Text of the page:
Republican strategists suggest that the youth movement could prove particularly troubling for their candidates in America's suburbs, where dozens of vulnerable GOP House incumbents already face a wave of Democratic enthusiasm and scepticism from moderate Republicans dissatisfied with President Donald Trump.
It's less clear whether a surge in youth turnout would sting Republican candidates in Senate races playing out in rural states like North Dakota and West Virginia, where a fight over gun control could motivate Trump's most passionate supporters as well.
Republicans are sceptical that young voters, who typically favour Democratic candidates by large margins, will stay interested.
"Motivation is fleeting," said Republican strategist Chris Wilson.
While equally sceptical about the short-term impact, Republican pollster Frank Luntz warned his party that a mass migration of young voters to the Democratic Party could endanger GOP candidates for years to come.
"There are a lot of dark clouds ahead for Republicans," Luntz said. "The impact of the youth vote isn't immediate, but it could well have the greatest impact of all."
In 1972, when the voting age was first lowered to 18, nearly 56 per cent of eligible 18- to 20-year-olds voted, according to an analysis by the Centre for Information and Research on Civic Learning and Engagement at Tufts University. Participation has trended downward ever since, with one exception being President Barack Obama's first presidential election.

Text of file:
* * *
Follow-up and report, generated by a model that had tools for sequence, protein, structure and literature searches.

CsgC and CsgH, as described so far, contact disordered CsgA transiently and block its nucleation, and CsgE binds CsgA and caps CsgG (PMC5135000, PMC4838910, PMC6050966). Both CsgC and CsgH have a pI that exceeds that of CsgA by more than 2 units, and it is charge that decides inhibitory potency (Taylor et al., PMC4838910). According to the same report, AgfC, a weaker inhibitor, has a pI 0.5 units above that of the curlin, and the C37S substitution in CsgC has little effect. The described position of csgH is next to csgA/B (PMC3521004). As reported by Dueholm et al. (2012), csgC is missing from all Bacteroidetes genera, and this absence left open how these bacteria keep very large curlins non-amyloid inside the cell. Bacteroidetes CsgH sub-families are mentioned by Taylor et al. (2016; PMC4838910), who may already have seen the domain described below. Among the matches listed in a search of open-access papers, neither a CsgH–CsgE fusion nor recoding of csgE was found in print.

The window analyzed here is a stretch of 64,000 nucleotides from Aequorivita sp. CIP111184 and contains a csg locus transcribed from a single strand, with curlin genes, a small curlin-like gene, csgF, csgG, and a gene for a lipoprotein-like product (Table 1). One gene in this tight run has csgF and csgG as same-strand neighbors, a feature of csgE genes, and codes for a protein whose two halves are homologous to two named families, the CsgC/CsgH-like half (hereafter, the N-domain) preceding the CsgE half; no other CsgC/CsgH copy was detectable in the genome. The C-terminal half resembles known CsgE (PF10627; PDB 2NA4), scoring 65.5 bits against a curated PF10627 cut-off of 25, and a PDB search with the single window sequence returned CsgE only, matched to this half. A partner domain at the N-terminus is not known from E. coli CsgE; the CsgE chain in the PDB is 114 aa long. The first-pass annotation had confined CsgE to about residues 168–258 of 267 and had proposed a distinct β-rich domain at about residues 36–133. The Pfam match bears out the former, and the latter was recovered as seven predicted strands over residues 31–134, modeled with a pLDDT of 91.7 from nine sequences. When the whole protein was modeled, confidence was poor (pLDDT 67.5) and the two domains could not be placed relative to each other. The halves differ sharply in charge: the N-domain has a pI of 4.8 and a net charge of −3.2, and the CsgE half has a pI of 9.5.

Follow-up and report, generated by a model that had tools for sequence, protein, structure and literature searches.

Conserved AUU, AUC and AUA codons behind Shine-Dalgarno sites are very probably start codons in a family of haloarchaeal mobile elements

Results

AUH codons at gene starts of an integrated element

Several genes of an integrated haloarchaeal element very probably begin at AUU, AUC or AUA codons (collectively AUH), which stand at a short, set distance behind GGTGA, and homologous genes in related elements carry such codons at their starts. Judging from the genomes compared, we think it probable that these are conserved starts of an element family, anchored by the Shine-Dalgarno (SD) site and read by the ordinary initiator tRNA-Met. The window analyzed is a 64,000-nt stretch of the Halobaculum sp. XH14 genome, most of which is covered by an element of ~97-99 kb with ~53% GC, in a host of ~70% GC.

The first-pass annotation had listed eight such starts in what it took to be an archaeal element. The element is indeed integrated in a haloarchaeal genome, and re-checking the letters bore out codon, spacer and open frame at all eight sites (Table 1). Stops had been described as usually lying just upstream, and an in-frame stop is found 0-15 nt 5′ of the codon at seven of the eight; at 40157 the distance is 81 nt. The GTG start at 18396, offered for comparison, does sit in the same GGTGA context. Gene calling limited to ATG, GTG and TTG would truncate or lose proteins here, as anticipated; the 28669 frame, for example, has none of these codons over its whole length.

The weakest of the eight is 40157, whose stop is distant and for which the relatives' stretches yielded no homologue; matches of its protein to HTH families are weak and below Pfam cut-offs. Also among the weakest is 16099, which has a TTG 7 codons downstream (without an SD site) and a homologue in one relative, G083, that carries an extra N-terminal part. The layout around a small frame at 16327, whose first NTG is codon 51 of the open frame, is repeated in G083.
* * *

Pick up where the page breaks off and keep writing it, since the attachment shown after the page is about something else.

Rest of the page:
But in the first midterm election of Obama's presidency, participation rates for 18- to-20-year-old voters regressed to just 18 per cent.
"This energy we're seeing right now is in March. The election is seven months away. It takes a lot to keep up this enthusiasm," said Kei Kawashima-Ginsberg, director of the Tufts centre.
She suggested that interest groups and political campaigns could help motivate young people, as Obama did in 2008, but young voters are more likely to be influenced by people they encounter at home or school.
It's also unclear whether issues alone, even one as powerful as gun violence, can lead to lasting political change. Kawashima-Ginsberg's centre studied the impact of high-profile ballot issues that might appeal to young voters - the legalisation of marijuana and same-sex marriage - in past elections, finding that such social issues alone typically had little impact.
Steyer, for his part, is prepared to spend whatever it takes to ensure young voters don't get distracted. His US$31m pledge, he said, is simply "the floor" of what he's prepared to spend this year. "What we're trying to do is organise as well as possible to make sure that they get a chance to raise their voices," he said, "but also to make sure their votes are counted on November 6."